Expect 1 to 2 Week Shipping Delays. Due to high call volumes, please click here if you need to contact us.

Rosacea differences in Men and Women

Friday 27 March 2020
skin conditions

Table of Contents


I. Overview of rosacea

II. Symptoms

a. Differences in symptoms

III. Rhinophyma

IV. Hormone differences

V. Shared psychological effects

VI. Treatments & preventative measures


Overview of rosacea

Rosacea is a common skin disorder that affects over 16 million people in the United States. Rosacea causes redness and visible blood vessels in the face. The symptoms of this condition may occur for weeks at a time or cause flare up due to external factors like stress. Rosacea can be mistaken for acne or natural ruddiness of the cheeks.

Rosacea can occur to men and women of all skin tones. There is no cure for rosacea, but many treatments like Azelex are available to keep symptoms under control. Rosacea is most common in women, but men who experience the condition may have more severe symptoms. The first large-scale survey of rosacea symptoms conducted by the National Rosacea Society showed that the disorder has some distinct differences in the pattern of symptoms in men and women. [1]

Symptoms

Facial redness is the most common symptom of rosacea, but several other conditions can also occur, varying in severity. The typical signs of rosacea in men and women can include:

Facial redness: The persistent redness is caused by a swelling of small blood vessels in your nose and cheeks, making the vessels visible on the face.

Enlarged nose (rhinophyma): Rosacea causes the thickening of the skin on the nose, which makes the nose appear bulbous.

Eye problems: Dry, irritated eyes, and swollen eyelids are a sign of ocular rosacea. These eye symptoms often precede any skin symptoms.

Swollen, red bumps: Acne-like pimples often accompany rosacea on the face. These pimples may sometimes contain pus and make your skin feel hot and tender. [2]

a. Differences in symptoms

There is an array of common rosacea symptoms, but some occur more prevalently in men over women and vice versa. Studies from the National Rosacea Society show that 49% of women experience rosacea symptoms on the chin, compared to 20% in men. Women also have more symptoms on their cheeks, with 87% affected compared to 68% in men. Symptoms may appear more severe in men, most often because men sometimes delay seeking medical help until the condition has reached advanced stages. [1]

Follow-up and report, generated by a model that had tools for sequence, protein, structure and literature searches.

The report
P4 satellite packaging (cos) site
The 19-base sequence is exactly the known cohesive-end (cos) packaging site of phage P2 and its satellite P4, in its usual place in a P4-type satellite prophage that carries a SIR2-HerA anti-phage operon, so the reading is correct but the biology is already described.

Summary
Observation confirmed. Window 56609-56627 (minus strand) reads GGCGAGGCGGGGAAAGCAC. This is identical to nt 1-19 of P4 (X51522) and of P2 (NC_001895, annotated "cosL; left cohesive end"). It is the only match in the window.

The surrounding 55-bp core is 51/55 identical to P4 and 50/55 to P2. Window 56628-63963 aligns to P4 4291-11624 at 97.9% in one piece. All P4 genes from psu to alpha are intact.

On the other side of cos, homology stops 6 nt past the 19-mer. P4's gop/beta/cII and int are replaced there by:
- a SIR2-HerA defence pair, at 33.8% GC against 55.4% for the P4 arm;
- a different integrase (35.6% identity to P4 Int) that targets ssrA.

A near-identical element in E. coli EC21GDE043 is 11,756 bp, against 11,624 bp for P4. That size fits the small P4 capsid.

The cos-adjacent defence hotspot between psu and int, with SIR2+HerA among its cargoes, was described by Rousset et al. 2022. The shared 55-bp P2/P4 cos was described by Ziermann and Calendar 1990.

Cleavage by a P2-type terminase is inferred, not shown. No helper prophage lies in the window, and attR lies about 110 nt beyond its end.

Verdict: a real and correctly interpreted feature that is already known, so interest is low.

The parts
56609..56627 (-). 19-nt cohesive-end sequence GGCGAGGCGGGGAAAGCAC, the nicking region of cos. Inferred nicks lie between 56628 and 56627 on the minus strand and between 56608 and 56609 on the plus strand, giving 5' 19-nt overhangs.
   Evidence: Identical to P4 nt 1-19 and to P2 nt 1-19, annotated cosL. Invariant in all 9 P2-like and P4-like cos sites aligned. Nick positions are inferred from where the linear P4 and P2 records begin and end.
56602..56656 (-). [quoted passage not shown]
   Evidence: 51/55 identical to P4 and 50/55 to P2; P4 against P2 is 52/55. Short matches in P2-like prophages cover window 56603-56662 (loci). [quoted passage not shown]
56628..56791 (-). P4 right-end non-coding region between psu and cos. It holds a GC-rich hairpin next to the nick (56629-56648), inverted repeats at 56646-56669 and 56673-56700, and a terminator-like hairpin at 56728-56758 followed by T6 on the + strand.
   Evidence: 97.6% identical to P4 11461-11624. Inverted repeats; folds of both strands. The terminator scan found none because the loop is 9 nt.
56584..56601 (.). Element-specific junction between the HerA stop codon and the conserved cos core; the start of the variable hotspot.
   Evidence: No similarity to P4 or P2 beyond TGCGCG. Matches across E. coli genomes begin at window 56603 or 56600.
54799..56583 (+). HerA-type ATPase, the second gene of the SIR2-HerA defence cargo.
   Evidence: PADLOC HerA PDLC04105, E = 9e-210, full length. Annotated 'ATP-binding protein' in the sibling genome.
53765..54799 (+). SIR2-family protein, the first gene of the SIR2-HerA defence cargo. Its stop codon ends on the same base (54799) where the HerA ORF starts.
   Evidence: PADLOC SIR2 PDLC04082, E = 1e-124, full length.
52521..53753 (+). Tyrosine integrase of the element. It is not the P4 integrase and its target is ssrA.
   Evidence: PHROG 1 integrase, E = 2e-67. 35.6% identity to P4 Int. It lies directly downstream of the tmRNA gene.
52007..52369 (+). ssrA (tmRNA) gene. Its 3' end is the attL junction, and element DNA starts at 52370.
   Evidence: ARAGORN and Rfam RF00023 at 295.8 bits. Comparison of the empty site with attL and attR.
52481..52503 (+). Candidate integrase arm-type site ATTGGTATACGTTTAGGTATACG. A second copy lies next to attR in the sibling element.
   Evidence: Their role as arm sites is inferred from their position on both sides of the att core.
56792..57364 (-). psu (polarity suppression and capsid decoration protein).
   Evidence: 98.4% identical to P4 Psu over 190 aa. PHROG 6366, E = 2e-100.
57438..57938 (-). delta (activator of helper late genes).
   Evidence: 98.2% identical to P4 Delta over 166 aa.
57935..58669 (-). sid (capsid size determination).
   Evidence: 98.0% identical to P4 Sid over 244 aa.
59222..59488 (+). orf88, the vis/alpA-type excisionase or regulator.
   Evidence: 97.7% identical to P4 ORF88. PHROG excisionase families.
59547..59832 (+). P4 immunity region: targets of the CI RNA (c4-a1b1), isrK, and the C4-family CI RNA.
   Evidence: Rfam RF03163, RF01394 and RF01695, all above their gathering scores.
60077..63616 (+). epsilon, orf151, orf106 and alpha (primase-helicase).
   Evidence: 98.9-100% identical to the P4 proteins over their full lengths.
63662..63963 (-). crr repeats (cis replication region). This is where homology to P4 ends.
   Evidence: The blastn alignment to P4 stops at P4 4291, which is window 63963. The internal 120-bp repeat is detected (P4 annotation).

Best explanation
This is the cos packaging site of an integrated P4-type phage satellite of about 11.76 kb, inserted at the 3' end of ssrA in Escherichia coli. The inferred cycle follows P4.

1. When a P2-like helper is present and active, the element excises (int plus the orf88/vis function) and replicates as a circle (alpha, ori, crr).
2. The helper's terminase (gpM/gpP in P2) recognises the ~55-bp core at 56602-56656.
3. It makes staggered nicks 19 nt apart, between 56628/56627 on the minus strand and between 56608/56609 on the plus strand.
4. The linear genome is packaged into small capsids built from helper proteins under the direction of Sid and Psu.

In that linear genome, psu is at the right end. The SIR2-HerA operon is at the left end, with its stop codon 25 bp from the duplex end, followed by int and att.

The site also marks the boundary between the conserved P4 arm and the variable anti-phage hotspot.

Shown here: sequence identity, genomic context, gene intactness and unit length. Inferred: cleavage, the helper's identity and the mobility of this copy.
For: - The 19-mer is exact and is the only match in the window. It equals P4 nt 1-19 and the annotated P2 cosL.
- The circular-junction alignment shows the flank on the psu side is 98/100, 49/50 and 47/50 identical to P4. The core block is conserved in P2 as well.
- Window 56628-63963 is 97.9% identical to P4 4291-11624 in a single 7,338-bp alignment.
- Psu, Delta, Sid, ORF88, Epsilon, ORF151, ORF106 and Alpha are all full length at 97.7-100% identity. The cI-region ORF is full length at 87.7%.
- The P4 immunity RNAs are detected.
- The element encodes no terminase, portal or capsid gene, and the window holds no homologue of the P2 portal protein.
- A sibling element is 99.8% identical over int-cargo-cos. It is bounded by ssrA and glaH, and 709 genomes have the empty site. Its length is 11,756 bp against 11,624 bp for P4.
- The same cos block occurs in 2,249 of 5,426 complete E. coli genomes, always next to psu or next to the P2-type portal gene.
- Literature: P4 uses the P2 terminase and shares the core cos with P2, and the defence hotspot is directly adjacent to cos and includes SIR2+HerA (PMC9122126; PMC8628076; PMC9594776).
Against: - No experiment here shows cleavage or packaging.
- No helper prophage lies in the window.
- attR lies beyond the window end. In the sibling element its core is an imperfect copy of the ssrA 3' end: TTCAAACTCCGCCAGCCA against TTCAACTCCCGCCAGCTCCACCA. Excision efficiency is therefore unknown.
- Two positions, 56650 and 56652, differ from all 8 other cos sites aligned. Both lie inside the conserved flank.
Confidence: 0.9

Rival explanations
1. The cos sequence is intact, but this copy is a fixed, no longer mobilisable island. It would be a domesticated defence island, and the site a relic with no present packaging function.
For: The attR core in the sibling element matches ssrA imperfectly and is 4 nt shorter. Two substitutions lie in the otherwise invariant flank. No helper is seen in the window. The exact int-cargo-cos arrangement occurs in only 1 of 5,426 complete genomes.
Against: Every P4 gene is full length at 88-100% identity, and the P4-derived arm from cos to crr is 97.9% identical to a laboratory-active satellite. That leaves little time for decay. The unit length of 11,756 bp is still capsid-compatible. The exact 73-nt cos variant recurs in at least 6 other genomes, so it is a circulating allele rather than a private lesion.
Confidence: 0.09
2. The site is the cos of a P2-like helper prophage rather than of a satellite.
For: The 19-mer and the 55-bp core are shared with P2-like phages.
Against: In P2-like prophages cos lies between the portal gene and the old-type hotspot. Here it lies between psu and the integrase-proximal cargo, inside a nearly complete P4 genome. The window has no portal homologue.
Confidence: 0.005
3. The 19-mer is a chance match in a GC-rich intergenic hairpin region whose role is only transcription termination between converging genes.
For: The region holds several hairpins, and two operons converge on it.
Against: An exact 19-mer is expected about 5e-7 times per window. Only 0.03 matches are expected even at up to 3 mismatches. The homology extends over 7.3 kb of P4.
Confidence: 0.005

A man with a reddened nose

Rhinophyma

An enlarged nose (rhinophyma) is one symptom that is much more dominant in men. In one study, 11% of the patients reported a form of rhinophyma, but men are twice as likely to suffer from this condition. A red and swollen nose can be unsightly and lead to rude assumptions.

 It is a common myth that a red and puffy nose is the signal of a heavy drinker. The actor and comedian W.C. Fields perpetuated this myth by attributing his rhinophyma to excessive drinking. In fairness, alcohol can aggravate rosacea symptoms, but it does not cause rosacea.

Because men disproportionately experience rhinophyma, men often feel self-conscious about their ability to hide their reddened nose. Unlike women, men usually do not consider cosmetics to be an option. Men also have to deal with shaving their faces, which can further aggravate sensitive skin. It is recommended that men with this condition use an electric razor and test new shaving cream to make sure their skin reacts well. [3]

Hormone differences